‘Cash Is King Again.’ What Coronavirus Means for Mergers and Acquisitions.
By Luisa Beltran March 23, 2020 6:15 am ET
The private credit markets are functioning but financing for new middle-market deals is on pause as Covid-19 continues to roil the global economy.
First, the good news. Revolvers, which help companies fund themselves when cash is tight, are being funded, and working capital lines are available, one large market private lender told Barron’s. The bad news? There is no funding available for M&A deals. “There are no new deals to fund,” the lender said.
The pause comes as coronavirus-related volatility has caused M&A in the first quarter to grind to a near halt. Global announced M&A volume dropped 24% to $621.5 billion spread across 8,465 deals as of March 20, Refinitiv said. U.S. announced transactions are showing a more significant drop-off. Volume for U.S. deals has plunged 57% to roughly $203.2 billion for 2,307 transactions. Joshua Thompson, head of leveraged finance at law firm Shearman & Sterling, said the private credit market isn’t frozen, per se. Instead, investors are taking stock and evaluating risk. “They’re looking for value and going through the whole process of repricing risk and taking selective opportunities,” he said. Transactions that are signed and subject to a binding agreement may have little to no flexibility to renegotiate terms, he said. Sellers with deals that were in process, but don’t have a binding agreement, may reassess those transactions and decide whether to bring them to market, he said. The corona-related downturn, which has upended the stock market, presents an opportunity for buyers with cash, Thompson said. He pointed to private-equity firms, which are sitting on a $1.71 trillion war chest. “It’s a classic time to make a lot of money and support great companies and continue to keep those great businesses going if they’re facing temporary or adverse developments,” Thompson said. “Cash is king again.”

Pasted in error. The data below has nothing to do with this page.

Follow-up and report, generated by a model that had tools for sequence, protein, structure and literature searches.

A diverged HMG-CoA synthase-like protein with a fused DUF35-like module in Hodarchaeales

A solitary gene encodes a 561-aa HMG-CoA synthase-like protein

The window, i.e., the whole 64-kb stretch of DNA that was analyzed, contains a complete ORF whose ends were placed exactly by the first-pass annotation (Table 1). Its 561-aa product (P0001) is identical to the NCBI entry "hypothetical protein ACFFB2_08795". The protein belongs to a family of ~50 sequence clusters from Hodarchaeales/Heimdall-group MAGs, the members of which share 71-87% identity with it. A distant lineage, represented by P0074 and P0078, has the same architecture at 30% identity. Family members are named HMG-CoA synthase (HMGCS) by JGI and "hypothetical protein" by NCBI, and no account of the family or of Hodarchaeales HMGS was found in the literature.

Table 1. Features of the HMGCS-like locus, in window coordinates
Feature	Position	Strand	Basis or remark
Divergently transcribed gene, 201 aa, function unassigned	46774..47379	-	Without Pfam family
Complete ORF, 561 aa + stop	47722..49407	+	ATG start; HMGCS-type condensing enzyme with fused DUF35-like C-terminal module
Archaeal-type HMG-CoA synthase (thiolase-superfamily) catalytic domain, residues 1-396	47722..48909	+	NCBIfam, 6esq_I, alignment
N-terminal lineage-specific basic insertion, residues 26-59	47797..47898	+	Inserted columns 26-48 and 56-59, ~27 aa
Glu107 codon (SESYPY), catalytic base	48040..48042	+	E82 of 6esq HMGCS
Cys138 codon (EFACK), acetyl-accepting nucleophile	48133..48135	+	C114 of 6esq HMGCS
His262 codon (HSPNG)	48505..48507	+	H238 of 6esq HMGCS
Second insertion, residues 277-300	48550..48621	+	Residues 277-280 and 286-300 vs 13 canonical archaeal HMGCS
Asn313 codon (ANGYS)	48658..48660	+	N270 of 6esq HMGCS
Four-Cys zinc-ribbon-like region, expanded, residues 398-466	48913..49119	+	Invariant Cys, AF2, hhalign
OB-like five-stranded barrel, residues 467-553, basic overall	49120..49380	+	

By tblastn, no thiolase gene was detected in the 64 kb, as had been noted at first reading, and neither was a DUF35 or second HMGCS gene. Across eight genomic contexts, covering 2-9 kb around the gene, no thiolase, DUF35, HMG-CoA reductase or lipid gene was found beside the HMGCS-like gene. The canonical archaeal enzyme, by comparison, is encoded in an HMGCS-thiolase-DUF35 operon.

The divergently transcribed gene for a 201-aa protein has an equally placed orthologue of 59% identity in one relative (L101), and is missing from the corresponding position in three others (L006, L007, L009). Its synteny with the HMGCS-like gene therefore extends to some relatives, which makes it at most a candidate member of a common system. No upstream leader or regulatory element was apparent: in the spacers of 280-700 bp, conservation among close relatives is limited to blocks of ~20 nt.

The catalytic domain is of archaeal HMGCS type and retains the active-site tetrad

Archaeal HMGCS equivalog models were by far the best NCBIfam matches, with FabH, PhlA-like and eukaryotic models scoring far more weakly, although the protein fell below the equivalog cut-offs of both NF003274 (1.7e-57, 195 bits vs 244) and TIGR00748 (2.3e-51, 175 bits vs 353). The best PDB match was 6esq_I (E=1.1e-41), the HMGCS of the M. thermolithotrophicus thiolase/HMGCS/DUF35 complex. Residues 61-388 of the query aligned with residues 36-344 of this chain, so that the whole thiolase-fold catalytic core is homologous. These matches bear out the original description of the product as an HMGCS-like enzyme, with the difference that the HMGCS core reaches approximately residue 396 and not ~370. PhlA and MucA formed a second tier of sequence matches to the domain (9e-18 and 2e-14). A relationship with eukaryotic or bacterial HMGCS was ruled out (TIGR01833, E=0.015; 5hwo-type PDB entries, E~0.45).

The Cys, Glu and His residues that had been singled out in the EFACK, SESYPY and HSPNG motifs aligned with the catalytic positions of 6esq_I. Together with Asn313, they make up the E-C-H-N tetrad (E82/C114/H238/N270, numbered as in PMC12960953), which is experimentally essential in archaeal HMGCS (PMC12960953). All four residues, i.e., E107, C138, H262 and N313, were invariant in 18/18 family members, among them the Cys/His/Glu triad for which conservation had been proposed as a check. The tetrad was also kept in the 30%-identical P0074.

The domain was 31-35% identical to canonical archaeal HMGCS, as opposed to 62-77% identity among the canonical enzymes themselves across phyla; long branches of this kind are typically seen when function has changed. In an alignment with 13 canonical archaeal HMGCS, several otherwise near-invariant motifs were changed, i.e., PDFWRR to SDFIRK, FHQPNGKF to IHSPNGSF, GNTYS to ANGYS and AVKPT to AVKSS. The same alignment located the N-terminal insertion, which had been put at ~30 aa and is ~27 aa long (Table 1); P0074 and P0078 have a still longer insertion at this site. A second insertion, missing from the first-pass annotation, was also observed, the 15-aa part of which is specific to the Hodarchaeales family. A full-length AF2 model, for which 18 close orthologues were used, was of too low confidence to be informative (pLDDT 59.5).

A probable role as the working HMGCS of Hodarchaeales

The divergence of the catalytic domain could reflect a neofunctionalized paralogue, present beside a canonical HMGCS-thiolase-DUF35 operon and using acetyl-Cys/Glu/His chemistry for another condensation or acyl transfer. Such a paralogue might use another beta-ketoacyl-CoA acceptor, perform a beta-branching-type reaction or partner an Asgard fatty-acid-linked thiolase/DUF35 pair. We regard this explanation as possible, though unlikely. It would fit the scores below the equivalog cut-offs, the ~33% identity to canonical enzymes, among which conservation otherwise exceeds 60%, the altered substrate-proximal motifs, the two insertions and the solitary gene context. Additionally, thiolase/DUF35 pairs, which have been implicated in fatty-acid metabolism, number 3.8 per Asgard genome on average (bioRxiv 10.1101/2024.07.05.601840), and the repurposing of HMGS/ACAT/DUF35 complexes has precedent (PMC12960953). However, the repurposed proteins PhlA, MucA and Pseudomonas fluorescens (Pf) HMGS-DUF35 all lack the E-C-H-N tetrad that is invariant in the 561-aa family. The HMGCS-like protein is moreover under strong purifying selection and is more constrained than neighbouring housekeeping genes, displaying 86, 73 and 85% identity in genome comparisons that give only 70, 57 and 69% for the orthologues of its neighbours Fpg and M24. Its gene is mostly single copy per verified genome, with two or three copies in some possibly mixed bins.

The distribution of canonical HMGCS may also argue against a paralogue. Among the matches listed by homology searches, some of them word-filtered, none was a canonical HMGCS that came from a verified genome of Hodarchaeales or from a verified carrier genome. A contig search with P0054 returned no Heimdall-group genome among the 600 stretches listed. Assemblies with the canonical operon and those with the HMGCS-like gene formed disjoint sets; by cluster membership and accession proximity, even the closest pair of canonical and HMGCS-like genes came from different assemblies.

One thing Thompson hasn’t seen is a wave of distressed assets coming to market. “We know that is likely to come and that will present another series of opportunities for investors that have been keeping their powder dry,” he said.
Private-equity funds that can do preferred equity or debt with warrants are out “pounding the tables” and telling anyone who will listen that they’re open and looking to put capital to work, one banker said. Private equity is also super focused on figuring out what’s happening with their portfolio companies. Some private-equity firms are reported to have told their portfolio companies to draw down their revolvers. On Friday, the stock market tumbled after New York Gov. Andrew Governor ordered all nonessential businesses in the state to close. The Dow Jones Industrial Average lost 913.21 points, or 4.6%, to 19,173.98 on Friday, while the S&P 500 shed 4.3% to 2304.92, and the Nasdaq Composite dropped 3.8% to 6879.52.
Leonard Klingbaum, a finance partner at law firm Ropes & Gray, doesn’t think the private credit market is on pause but taking a “collective breath.” The difference, he said, is that with a deep breath, there is still movement on deals. With a pause, “pens are down” and parties may delay talks for a period, he said.
Parties are still looking at new deals and lenders are fulfilling existing funding obligations, he said. Klingbaum is currently representing a credit fund on a new deal. The fund, like many other lenders, is still interested in the transaction but wants the time to see how things will work out, he said.
Just like the rest of us.